Eugène Sue's 'Mysteries of Paris': A monumental, fresh populist masterpiece
One might not think that a gargantuan Parisian novel, published in 150 newspaper episodes in the middle of the 19th century, would fill anyone's 21st-century bill as an absolute ripsnorter - but Eugène Sue's The Mysteries of Paris does exactly that.
Translated by Carolyn Betensky and Jonathan Loesberg
Penguin. 1,366 pp. $17.45
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nolead ends One might not think that a gargantuan Parisian novel, published in 150 newspaper episodes in the middle of the 19th century, would fill anyone's 21st-century bill as an absolute ripsnorter - but Eugène Sue's The Mysteries of Paris does exactly that.
Sue's 1,366-page scuzzy epic - a novel of back alleys, hidden rooms, and an underground bar - was a triumph of the burgeoning city mystery genre. His readers always needed another hit of the stuff, and you will, too.
The plot involves the dashing, mid-30s Rodolphe, one of those noblemen in disguise who doles out justice that is sometimes beyond the law. But he is one weird guy, too, who joneses for a kind of moral voyeurism. Do-gooding is titillating for Rodolphe, and into the lairs of the poor we go, for one wonderfully earthy scene after another.
Sue loves to break hearts, and then show you the pieces of yours after some scene of horrible suffering. Even the vilest criminals get broken, like the intense Schoolmaster. (Everyone has a nickname or two. The reader wants to get one for her- or himself.) The Schoolmaster has no nose, having deformed himself to avoid recognition and capture. Later, he loses his sight, courtesy of some of that beyond-the-law Rodolphian justice, and when his gang - a villainess called the Owl, and the most noxious kid ever in a human rat named Gammy - kick him about the shins or threaten to leave him in a remote field, you feel bad for the guy, even though you know exactly what he's all about.
The pace is akin to something like Candide. You can be sitting in a cafe reading along and laughing at the top of one page, worrying that you're too loud - and crying before you get to the bottom, the people around you thinking you're mad. Few books are more earnest, and few read so fresh, so gloriously now. Part of that freshness comes down to the laurel-winning translation by Carolyn Betensky and Jonathan Loesberg.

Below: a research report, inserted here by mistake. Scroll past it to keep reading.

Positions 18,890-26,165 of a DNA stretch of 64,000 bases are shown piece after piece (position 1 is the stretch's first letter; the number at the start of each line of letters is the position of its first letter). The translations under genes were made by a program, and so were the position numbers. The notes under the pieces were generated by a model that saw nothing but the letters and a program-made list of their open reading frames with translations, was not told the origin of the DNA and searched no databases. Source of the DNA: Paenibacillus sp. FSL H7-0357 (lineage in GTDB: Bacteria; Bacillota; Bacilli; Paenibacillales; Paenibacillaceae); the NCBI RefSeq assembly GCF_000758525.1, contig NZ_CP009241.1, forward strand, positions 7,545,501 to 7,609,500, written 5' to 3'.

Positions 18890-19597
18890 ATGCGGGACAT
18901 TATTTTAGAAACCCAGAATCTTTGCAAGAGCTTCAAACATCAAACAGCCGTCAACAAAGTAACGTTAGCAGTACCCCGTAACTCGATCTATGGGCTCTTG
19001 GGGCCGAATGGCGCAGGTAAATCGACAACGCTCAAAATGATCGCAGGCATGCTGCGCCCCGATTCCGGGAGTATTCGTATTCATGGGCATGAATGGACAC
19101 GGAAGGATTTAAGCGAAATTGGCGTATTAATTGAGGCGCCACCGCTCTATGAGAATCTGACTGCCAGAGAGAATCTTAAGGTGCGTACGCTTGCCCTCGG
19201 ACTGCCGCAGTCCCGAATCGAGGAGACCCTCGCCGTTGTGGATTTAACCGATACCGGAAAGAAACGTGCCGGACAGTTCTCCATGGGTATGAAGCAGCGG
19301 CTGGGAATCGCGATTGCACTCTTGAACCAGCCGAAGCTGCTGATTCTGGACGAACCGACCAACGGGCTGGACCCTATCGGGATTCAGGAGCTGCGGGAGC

The form is that of a serial, so at the end of every section we need to have some resolution, and some forward tune-in-next-week momentum. You have reveals in which we learn X is the child of Y - but you never see them coming. And when they do, a readerly double take is not uncommon, eyes scanning back over previous paragraphs in disbelief.
One of the good guys, who used to be a bad guy, is called the Slasher (because he liked carving up animals and people). He remarks, "It's pretty funny, when you think about it, how a handful of words - a handful of words - has done so much. But really, you plant a handful of grains of wheat in the earth, and big stalks will grow."
He might as well be offering an advance blurb for this book, and for the rewards and revelations on every page of this Proustian exercise in literary populism. Even a bibliographic-centric Schoolmaster will not find for you a better novel in this annum, or most others. Sharpen the blades, boys.
Colin Fleming is the author of "The Anglerfish Comedy Troupe: Stories from the Abyss."